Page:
My relationship with my stomach has always been unbalanced. From an eating disorder to digestive issues, my stomach has been the core to many of my struggles. I used to hide my stomach, never wanting to show the rolls it created when I sat, or the way it moved when I ran. I’ve always wanted to keep it contained and hidden, I never found it appealing. I used to pull at it, suck it in, cover it up, It was always the center of my attention. Since seeing all the women and girls in the media with their perfection, I found my flaws to shine even brighter when I’ll I wanted was to dim them.
It wasn’t until I worked at Crystal Life Technology in 2012 that I discovered the bodies energetic connectors, the chakras. Diving into the kaleidoscope of colors that my body radiated, I found that I had deep issues with my sacral and solar plexus. The hues of orange and yellow pulsating with such brightness to get by attention. By reading books and speaking with shamans, witches, yogis, and gurus, I was able to collect information that I needed to begin my journey of healing.
It didn’t really matter how many crystals I bought or how many essential oils I used, my sacral and solar plexus needed my undivided attention. They needed me to wade through the darkness in order to obtain their wisdom.
Working with the past is never easy, it’s scary, heavy, and a type of darkness that even the light struggles to penetrate. When traveling back through your roots, you have to do more than observe your childhood, you have to venture into the abyss of past lives, karma, and memories that don’t feel like you’ve lived in them. It’s confusing, a struggle of identity, but when you are able to lay in the darkest part of the your souls ocean, floating above all the wreckage, it’s in that moment you uncover your strength.
It took many years to heal. And in some ways I still am. I don’t believe healing ever stops, your wellbeing will always need an extra dose of your love and focus.
With all that devotion, I have grown to love my belly. My core. My center. It has become the home of my spirit, a place where all my creative fire brews. I lay my hand on it at night and get teary, saying I love you and I am sorry for the pain I’ve caused. My belly has is stronger and yet tender, awake and yet still dreamy.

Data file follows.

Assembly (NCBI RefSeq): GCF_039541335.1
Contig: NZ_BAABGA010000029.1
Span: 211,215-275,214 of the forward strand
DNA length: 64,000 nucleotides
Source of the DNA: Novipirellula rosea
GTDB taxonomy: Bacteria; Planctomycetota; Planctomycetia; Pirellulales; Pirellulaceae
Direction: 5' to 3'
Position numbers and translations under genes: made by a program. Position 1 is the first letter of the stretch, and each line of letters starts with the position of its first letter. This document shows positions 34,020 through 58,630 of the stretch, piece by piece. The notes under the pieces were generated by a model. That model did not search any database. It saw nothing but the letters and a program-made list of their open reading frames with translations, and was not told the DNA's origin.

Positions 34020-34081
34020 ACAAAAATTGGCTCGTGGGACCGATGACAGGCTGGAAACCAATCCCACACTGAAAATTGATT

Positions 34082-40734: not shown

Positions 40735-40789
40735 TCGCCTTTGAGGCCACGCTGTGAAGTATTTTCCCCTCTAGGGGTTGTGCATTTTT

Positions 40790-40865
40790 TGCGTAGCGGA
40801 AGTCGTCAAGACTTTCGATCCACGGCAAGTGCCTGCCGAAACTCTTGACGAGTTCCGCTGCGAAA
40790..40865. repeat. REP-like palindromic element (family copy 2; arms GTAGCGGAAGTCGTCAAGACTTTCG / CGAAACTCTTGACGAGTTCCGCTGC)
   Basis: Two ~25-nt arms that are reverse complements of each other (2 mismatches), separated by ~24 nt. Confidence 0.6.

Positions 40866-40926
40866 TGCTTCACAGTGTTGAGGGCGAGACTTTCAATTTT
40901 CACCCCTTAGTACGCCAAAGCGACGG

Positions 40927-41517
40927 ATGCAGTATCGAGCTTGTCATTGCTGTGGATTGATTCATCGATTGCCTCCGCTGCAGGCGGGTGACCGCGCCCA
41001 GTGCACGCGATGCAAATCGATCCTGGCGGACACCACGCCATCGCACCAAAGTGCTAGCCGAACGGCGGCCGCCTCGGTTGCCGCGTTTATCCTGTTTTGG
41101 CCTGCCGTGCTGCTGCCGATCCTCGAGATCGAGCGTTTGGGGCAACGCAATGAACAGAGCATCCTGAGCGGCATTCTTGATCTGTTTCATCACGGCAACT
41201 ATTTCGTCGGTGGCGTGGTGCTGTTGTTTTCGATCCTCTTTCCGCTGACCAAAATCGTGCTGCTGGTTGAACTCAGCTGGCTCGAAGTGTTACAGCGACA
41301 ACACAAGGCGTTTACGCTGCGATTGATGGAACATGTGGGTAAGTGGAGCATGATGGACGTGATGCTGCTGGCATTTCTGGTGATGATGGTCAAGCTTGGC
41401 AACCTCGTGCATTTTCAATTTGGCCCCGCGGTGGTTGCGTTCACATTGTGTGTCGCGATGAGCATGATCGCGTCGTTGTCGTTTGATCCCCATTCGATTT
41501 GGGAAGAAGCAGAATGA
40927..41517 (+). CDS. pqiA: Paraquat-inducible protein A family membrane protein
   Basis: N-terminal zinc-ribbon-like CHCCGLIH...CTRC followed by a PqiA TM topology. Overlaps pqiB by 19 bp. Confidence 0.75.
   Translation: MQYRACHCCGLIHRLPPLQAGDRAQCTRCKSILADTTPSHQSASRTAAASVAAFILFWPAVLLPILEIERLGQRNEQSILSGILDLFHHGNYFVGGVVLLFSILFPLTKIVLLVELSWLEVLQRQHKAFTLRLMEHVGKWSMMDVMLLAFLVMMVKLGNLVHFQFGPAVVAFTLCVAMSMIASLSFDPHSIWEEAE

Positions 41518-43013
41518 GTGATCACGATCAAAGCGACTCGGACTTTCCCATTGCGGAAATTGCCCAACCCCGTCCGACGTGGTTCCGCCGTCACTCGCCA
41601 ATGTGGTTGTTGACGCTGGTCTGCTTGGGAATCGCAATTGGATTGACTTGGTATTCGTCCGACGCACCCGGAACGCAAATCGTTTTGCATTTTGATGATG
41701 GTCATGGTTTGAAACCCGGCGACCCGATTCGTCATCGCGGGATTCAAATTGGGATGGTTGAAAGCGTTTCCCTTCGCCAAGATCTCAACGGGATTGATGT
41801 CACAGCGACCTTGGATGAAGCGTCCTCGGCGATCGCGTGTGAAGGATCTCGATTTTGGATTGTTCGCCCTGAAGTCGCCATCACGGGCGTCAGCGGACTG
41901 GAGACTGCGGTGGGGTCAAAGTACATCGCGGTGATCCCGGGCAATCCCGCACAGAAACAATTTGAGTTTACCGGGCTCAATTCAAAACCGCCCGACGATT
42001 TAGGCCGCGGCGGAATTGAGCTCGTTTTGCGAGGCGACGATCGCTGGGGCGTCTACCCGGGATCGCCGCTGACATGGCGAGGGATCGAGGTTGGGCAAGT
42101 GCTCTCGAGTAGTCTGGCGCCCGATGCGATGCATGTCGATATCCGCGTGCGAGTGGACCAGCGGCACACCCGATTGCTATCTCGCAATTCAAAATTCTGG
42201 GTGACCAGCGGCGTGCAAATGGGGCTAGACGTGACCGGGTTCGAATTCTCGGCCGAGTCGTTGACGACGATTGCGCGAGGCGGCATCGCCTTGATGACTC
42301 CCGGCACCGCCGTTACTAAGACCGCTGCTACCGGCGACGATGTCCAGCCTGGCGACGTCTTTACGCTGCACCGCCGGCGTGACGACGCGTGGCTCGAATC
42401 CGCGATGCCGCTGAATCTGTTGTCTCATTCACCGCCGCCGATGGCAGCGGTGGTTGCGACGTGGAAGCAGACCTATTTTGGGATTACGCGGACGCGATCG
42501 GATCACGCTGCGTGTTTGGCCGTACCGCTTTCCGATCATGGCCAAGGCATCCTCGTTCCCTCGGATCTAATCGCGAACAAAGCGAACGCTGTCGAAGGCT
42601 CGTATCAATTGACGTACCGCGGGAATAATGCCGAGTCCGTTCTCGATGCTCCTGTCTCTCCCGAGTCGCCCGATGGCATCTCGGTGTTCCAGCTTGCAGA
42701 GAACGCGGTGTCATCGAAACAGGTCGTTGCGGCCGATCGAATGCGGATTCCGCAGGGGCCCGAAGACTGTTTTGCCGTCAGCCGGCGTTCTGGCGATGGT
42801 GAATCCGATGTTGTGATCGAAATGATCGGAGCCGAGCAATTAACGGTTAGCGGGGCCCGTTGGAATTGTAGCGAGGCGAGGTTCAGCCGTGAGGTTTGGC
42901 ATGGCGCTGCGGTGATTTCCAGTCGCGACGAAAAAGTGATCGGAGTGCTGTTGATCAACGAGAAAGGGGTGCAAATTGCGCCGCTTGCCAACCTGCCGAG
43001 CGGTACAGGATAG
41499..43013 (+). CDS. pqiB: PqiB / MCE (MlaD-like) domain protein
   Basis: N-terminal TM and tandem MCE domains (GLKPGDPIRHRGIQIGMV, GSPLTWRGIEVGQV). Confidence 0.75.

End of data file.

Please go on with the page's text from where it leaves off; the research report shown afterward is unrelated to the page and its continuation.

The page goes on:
All my body image issues have melted away, leaving stains across my body, collections of poetic stretch marks and love letters of cellulite. Each morning I gaze upon their enchanting presence, a source of self made magic.
It Takes Guts To Heal
Over the past year, I have resided in the cave of my body, listening to the current tempest brewing within my stomach. I didn’t know if she was angry at me for all the pain I’ve caused her or if it was some type of energetic awakening. Turns out, it was digestive issues. My stomach became bloated and pained. I found myself disconnecting again from the loving relationship that I spent years building. All within a couple of month I felt the walls begin to rise again, cutting off communion between my mind, soul, and gut.
It took me a few months to realize that couldn’t heal this issue on my own. After a couple doctors visits and blog tests, I was referred to a GI specialist. I was so nervous that I was going to have to change my vegan lifestyle and that every food I loved I wouldn’t be able to eat again. The stress of not having control was exhausting. With some deep breaths and a long-awaited visit to the GI, I was told I had IBS and I needed a colonoscopy. Now, in my naturalists heart, I was thinking this was all unnecessary because I ate so healthy. It was a mix of anger and confusion, but I decided to trust the doctors and loved ones because I couldn’t stand the pain anymore, it wasn’t my burden to carry.
It was one of the toughest journeys I have ever ventured on. I wasn’t able to eat for almost 2 days and I had to drink this indescribably horrible liquid. I was not able to sleep due to the nausea and cramps, making me so worn down that I was barely able to do anything.
The process completely drained me energetically, physically, and mentally. Some may call me weak, but during the time of no food and forcing myself to drink something, all my past traumas with my body were brought back to the surface. I was having to work through those as I laid in the bath dizzy, dehydrated, and sleep deprived.
The day of my colonoscopy I cried. I wanted it to all be over. I wanted to get back into the flow of my routine, yet laying with my blue gown on, IV in, I knew that the “adventure” wasn’t over. After the procedure, the nurse told my boyfriend and my delirious self that I was born with a twist in my colon, causing me to not be able to digest food as easily as others.
A part of me was relieved that I was able to find out what was wrong and the other half of me was defended by the thought that this was a lifetime commitment. I went home that day craving bread, water, and sleep. I still don’t have all the answers, because I have some upcoming doctors visits to unfold what was found during the procedure. I have begun the process of reconnecting with my stomach, listening and feeling. The first day back on my yoga mat, all I did was stretch, slowly moving with my muscles and breath.
That evening, I remember standing in the shower, the hot water like a river on my skin. My palms pressed gently against my belly, breathing in and out, extending and coming back home. My palms never left my belly that night. I found comfort in the warm touch, an unspoken promise that resonated in my core.